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Joe Biden has reason to be proud; in the last 107 years, only three American presidential nominees have managed to defeat an elected, incumbent president who was seeking a second term. Let history show that the winning trio were all politically gifted leaders who became successful presidents: Franklin Delano Roosevelt, Ronald Reagan and Bill Clinton.

That is fairly awesome company for Regular Joe to be joining. But Democrats already impatiently waiting for "Hail to the Chief" to be played for one of their own would be wise to confront a sobering reality from the Nov. 3 returns: White, working-class men who represent 1 out of 3 presidential voters and who formed the electoral backbone of the winning coalitions that elected FDR, Harry Truman and John F. Kennedy preferred Republican Donald Trump, now of Mar-a-Lago, Florida, over Joe Biden, a son of Scranton, Pennsylvania.


The first — and the worst — reaction of more than a few Democrats to this unwelcome news is an indifferent shrug followed by some variation of, "What do you expect?" After all, the condescending analysis goes, these guys are the modern-day versions of Archie Bunker, neither racially enlightened nor welcoming to the inevitable march of social progress. The Democrats' obvious problem with blue-collar male voters is as much one of attitude as it is of issues or programs.

Forgotten is the human reality of who these voters are. They are overwhelmingly the Americans who enlist in the Marine Corps and the U.S. armed forces and who fight and, too often, die in the service of our nation. For them and their families, war is not some policy abstraction to be debated in seminars or committee hearing rooms; it is a daily and very personal matter of life and death.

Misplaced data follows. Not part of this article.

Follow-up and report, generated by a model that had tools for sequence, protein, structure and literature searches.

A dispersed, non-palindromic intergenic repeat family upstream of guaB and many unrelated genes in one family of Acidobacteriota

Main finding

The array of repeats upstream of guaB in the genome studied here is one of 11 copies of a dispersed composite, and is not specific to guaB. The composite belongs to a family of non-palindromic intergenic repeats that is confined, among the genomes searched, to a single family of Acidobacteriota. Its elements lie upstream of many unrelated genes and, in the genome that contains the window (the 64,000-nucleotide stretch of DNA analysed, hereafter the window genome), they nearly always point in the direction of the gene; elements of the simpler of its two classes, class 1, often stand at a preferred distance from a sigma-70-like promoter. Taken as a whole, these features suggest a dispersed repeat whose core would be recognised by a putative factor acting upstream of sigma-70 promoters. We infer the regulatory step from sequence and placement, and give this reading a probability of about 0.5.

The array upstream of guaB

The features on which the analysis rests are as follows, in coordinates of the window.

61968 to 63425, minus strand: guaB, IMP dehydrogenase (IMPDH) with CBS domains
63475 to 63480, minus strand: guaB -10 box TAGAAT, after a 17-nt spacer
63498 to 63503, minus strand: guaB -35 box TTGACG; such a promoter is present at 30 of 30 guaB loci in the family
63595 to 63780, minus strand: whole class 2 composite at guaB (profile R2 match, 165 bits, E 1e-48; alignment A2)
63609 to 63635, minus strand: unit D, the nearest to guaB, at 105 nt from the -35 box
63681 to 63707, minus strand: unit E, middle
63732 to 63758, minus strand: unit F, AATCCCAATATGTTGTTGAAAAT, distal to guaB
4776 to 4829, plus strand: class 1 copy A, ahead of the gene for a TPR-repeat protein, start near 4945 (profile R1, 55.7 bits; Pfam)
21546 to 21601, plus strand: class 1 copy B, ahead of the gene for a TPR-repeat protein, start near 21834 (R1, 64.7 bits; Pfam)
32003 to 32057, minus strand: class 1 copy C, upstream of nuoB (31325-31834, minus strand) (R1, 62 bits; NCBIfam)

We all honor the 343 New York firefighters who, on Sept. 11, to save the lives of strangers from the doomed Twin Towers, marched bravely into the fires of hell and the jaws of death. Demographically, these heroes, too, were mostly white males without a college degree. Democrats have forgotten their roots; they flourished as a shot-and-a beer party — yes, Joe Six-Pack — not arguing whether the Sauvignon Blanc is sensitive enough.

It is, let us remember, those same white working-class nongraduates who were the economic casualties of globalization. It was their well-paying union jobs, great health care, generous paid vacations and pensions that disappeared along with their hometown factories and left in their wake deserted downtowns and shrinking economic horizons for their children.

The modern Democratic Party was created in the Great Depression, after self-reliance and independence were found wanting to relieve the hunger and poverty that stalked the nation and scarred its families, to guarantee the opportunity for work to those who were able, to guarantee security for the old and the disabled. It was — and remains — a noble mission.

The words of a great American president, not a Democrat, are to be read and heeded by Democrats and all Americans: "Labor is prior to and independent of capital. Capital is only the fruit of labor, and could never have existed if labor had not first existed. Labor is the superior of capital, and deserves much the higher consideration." Thank you, Abraham Lincoln.

To find out more about Mark Shields and read his past columns, visit the Creators Syndicate webpage at www.creators.com.

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From left Reps. Paul Gosar, Marjorie Taylor Greene, Matt Gaetz, and Louis Gohmert

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Reprinted with permission from AlterNet

Rep. Marjorie Taylor Greene (R-GA) and three other “Sedition Caucus” Republicans held a press conference Tuesday allegedly to decry the conditions at the D.C. jail, which is housing accused suspects awaiting trial for actions during the January 6 Capitol riot. But Greene and her three co-members used the event primarily to further false far-right claims about the insurrection, while wrongly claiming they are being “persecuted” by the government – a talking point Russian President Vladimir Putin has repeatedly used.

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Danziger Draws

Jeff Danziger lives in New York City. He is represented by CWS Syndicate and the Washington Post Writers Group. He is the recipient of the Herblock Prize and the Thomas Nast (Landau) Prize. He served in the US Army in Vietnam and was awarded the Bronze Star and the Air Medal. He has published eleven books of cartoons, a novel and a memoir.

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